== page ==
By SUSAN JONES
Pitt is planning to purchase Bridgeside Point II, a building it has long occupied in the Pittsburgh Technology Center development along the Parkway East, at a cost of $81 million.
The Board of Trustees Property & Facilities committee agreed to the purchase, barring any complications found during due diligence, at its May 23 meeting.
The building has more than 161,000 square feet of office and laboratory space, which has been occupied by the School of Medicine since 2009. It is currently held by BPA II Limited.
“The property is strategically located and aligned with the University’s real estate strategy,” David DeJong, senior vice chancellor for business and operations, told the committee members.
At the Pittsburgh Technology Center, the University also owns the Center for Biotechnology and Bioengineering building and leases space in Bridgeside Point I (100 Technology Drive), the Riviera Building (350 Technology Drive) and 700 Technology Drive.
City Councilman Bruce Krauss hosted a public hearing on May 25 about the zoning changed requested for the Oakland Crossings project, which brought out several people in opposition and support of the Walnut Capital plan to remake parts of South Oakland.
A compromise plan negotiated between Pittsburgh Mayor Ed Gainey’s office and Walnut Capital will include development of new apartment buildings on Halket Street, along with projects at the Quality Inn site owned by Pitt and the Isaly’s site on the Boulevard of the Allies. In all, the project would include about 400 apartments, as well as a grocery store at the former hotel site.
Elena Zaitsoff, vice president of the Oakcliffe Community Organization and other long-time residents of Oakland spoke out against the planned redevelopment. One of their major complaints centered around the height limits of the proposed new buildings, which range from 120 to 185 feet.
“What Walnut Capital can build if this zoning legislation is passed is immensely out of scale with the adjacent areas,” Zaitsoff said.
Andrea Boykowycz, an Oakland resident and assistant director of the Oakland Planning and Development Corp., thanked the mayor for his work in reaching a compromise, but said the publicly subsidized affordable housing part of the agreement was “some pretty weak tea.”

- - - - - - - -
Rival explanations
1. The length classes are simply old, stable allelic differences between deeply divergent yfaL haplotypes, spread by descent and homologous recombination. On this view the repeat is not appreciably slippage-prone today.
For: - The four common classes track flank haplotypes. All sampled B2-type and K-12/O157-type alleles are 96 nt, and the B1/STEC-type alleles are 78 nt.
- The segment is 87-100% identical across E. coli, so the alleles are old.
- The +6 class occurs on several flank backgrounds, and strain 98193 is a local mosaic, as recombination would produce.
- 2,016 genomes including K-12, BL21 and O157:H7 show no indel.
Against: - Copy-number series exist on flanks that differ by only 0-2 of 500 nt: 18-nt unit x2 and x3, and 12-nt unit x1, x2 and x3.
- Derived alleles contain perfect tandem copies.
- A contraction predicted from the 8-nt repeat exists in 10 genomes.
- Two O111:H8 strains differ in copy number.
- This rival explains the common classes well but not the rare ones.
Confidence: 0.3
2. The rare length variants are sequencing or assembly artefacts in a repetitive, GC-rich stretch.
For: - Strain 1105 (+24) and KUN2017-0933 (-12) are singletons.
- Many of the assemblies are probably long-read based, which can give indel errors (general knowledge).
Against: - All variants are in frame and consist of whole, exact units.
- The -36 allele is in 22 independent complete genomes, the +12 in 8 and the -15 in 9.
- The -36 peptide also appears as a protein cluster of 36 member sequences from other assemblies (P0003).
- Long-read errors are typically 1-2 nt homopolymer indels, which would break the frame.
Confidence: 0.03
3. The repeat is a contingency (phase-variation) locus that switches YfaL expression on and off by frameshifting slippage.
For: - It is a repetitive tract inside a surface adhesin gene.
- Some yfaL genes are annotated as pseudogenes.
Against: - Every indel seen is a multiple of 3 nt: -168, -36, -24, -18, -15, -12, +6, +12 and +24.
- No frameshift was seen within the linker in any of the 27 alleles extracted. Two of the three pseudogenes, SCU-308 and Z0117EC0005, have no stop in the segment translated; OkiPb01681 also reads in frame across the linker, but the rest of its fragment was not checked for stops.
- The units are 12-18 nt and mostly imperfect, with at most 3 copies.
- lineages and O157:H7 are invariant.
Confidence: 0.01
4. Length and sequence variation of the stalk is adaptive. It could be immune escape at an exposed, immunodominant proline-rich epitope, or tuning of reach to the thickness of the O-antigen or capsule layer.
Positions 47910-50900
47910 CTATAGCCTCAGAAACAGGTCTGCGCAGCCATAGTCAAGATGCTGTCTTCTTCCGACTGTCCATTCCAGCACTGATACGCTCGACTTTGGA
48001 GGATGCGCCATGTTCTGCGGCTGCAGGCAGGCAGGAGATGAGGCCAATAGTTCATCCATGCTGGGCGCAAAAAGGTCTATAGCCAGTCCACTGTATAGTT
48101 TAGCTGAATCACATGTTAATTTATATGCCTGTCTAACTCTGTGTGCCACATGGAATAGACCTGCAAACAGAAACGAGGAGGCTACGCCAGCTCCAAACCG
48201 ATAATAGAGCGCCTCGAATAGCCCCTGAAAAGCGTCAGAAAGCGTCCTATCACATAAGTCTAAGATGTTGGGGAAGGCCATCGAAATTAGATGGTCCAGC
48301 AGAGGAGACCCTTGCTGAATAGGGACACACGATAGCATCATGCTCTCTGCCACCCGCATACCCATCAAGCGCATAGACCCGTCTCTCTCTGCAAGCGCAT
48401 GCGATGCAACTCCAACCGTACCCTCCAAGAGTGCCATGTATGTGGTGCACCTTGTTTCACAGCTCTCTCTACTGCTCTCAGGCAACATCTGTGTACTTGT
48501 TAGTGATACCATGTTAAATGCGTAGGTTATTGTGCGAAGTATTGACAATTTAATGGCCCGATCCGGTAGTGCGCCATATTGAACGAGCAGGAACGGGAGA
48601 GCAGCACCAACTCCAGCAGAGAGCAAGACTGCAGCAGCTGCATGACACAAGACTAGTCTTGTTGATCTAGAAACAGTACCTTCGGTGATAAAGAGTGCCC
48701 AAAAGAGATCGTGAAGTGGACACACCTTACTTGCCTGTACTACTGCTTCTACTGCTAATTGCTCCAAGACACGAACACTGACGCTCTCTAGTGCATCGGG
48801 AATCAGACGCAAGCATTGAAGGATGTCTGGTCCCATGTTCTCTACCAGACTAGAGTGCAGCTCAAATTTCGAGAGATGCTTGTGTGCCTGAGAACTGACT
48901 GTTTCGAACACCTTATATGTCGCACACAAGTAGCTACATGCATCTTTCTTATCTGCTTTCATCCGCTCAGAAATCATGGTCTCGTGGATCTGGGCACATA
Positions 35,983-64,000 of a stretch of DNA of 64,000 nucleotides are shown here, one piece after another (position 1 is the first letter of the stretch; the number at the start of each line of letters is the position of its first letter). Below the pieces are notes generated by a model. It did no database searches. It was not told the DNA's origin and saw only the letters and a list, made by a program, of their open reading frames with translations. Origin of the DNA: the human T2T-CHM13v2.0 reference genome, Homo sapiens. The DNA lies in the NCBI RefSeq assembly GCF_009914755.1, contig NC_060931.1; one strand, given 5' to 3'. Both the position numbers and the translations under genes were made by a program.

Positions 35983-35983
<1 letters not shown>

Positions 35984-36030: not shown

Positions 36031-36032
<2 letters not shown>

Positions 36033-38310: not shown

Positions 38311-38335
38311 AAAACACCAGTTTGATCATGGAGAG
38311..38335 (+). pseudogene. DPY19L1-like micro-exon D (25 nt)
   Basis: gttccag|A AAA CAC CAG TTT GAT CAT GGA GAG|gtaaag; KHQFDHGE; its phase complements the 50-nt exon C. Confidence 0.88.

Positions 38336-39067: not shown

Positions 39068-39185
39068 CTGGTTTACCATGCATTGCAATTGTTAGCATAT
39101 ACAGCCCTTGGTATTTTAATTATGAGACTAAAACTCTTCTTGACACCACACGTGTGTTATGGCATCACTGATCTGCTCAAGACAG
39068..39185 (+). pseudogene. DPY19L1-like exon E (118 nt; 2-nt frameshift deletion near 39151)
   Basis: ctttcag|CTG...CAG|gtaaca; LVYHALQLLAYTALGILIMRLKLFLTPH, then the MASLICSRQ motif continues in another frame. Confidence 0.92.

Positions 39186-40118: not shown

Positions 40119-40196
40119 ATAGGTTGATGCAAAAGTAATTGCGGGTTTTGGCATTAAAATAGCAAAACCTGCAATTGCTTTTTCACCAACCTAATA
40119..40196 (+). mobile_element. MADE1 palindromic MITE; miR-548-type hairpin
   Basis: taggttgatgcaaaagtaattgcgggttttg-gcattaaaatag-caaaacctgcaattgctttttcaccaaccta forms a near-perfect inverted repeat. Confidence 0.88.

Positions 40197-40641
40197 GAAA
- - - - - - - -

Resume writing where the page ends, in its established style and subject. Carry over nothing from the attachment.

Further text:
She also echoed the complaints of others that the long-awaited Oakland Plan addresses many of the issues that this zoning legislation deals with. The Oakland Plan is a community-driven, 10-year roadmap for developing the neighborhood. The plan came before the city Planning Commission last week, but the public hearing was delayed until June 14 to allow the Department of City Planning to sort through all the public comments it has received.
“There is no longer any reason at all to pass this boutique legislation for the exclusive benefit of a single private developer,” Boykowycz said. “I urge you to set this bill aside until the proposed zoning in the Oakland Plan is reviewed and passed.”
Speaking in support of the zoning change was Pitt’s David DeJong. “This is a critical site. It’s the gateway to a proud historic and vibrant Oakland neighborhood,” he said. “It’s also the primary entry point for Pennsylvania’s third largest economic center, as well as Pittsburgh’s innovation district. We believe this proposal enables a thriving community, featuring a diversity of housing options, affordability, family-serving amenities, and other long-needed improvements. Importantly, we believe the proposal reflects extensive community input and is consistent with the community goals expressed within the draft Oakland Plan.”
He said the Oakland Crossing proposal would allow Pitt to redevelop the Quality Inn site on the Boulevard of the Allies into non-student housing and a grocery store — a long-sought amenity for the neighborhood.
Krauss read a letter in support of the project from Georgia Petropoulos, CEO of the Oakland Business and Improvement District, that in part said: “Oakland is long overdue for zoning that finally reflects our unique context as a local, national and global-serving downtown center of Pittsburgh.”
3500 Forbes project
A multi-story student apartment building along Forbes Avenue, at the former Marathon Gas station site, is starting to take shape.
In March 2021, developer CA Ventures reached an agreement with the nonprofit Family House, which owns an adjacent property on McKee Place, to reduce the height of a section that juts out at the back of the building by two stories, and in principle will allow Family House to use excess parking spaces in a proposed parking garage and to share the use of a pedestrian passageway between the two sites.
New rec center
Pitt began foundational work, including soil boring tests, this week at the site for the new Wellness and Recreation Center on O'Hara Street, according to DeJong. Additional construction activities will begin next week. A groundbreaking ceremony will be held in the fall semester to formally celebrate the building’s start.
Susan Jones is editor of the University Times. Reach her at firstname.lastname@example.org or 724-244-4042.
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